Description: Interface management is the primary focus and students learned various approaches to conduct interface management for system integration.
Instructor: Olivier de Weck
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OLIVIER DE WECK: So let's get going on system integration and interface management. So we're essentially moving up the right side of the V. And the idea is all the details have been designed. The concept has been selected. We know what we're doing, but now we have to re-integrate the system and make sure it works-- it performs the functions that are intended and satisfies the requirements.
And so what I'm going to cover today is three things. First of all, why do we care? Why is interface management important? Why is it important? There's two main reasons. One is because a lot of failures originate-- so a lot of failures originate at interfaces. And the other reason is because in order to design and manufacture a lot of systems, we need to work with partners and suppliers.
And I'll talk about interface management, sort of the details of it, the types of interfaces. I'll Introduce the DSM, the Design Structure Matrix, as an important method. And then we'll talk about ICDs, Interface Control Documents. They're a very big deal in practice. And then finally, I'll talk about system integration-- in particular, the sequence which you integrate systems, and then the role of standards.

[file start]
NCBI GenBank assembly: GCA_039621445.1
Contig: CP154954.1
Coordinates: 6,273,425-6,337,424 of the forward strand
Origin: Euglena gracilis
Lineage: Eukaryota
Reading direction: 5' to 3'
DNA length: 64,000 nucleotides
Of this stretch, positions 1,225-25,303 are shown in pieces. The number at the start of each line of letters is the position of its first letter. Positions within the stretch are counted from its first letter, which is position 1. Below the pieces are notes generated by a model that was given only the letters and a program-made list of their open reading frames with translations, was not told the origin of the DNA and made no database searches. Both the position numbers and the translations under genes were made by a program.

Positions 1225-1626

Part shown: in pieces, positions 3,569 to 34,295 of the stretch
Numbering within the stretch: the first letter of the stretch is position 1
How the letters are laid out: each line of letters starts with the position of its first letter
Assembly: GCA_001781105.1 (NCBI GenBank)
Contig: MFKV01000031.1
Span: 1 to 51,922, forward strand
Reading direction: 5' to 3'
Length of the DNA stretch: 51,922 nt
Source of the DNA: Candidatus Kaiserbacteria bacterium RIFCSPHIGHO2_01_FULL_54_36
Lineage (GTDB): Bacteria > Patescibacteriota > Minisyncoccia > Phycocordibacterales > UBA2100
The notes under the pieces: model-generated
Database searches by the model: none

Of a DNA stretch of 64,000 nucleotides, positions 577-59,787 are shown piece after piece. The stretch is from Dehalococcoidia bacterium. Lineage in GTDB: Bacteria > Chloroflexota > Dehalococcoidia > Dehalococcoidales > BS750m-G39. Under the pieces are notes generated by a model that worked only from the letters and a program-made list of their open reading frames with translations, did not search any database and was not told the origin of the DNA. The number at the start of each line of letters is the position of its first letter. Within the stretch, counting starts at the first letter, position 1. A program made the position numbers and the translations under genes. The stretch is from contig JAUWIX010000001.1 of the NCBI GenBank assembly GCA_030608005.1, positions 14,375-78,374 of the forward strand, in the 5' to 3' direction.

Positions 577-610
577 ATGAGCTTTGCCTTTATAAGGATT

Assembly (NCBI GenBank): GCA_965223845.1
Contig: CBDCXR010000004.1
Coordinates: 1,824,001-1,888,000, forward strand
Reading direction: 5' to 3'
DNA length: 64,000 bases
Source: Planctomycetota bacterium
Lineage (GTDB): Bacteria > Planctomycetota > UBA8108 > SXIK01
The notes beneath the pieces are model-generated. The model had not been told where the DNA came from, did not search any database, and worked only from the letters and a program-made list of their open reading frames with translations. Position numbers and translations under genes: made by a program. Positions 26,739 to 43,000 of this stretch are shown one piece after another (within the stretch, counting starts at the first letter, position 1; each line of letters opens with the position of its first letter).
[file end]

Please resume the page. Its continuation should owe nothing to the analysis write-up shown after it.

All right, so here, the point that I want to make here is when you talk about interfaces, the first thing you need to be clear is, is it an internal interface or an external interface of the system? And so I think you remember this chart here that has-- is this you guys-- that has a system boundary that's defined. So the system boundary, in this case, we have this digital camera here.
And the internal interfaces are essentially the interfaces that are within this boundary. So those are internal interfaces within the camera, within the peripherals, that are included in the system boundary. And then we have external interfaces, which would be the interfaces between the system boundary and anything that's on the outside that you don't design or control directly. So that's an important distinction.
The next point I want to make is that you have to really carefully think about interfaces as seeds of potential system failures. And so I have three examples here for you. So the first one is-- this is actually-- Katya, sorry, this is from Russia, from 2007. This is traffic. This is one of the big-- not [RUSSIAN], but prospekt, the six lanes or eight lanes on one side, and there's a crossroad coming in here. This is a traffic intersection.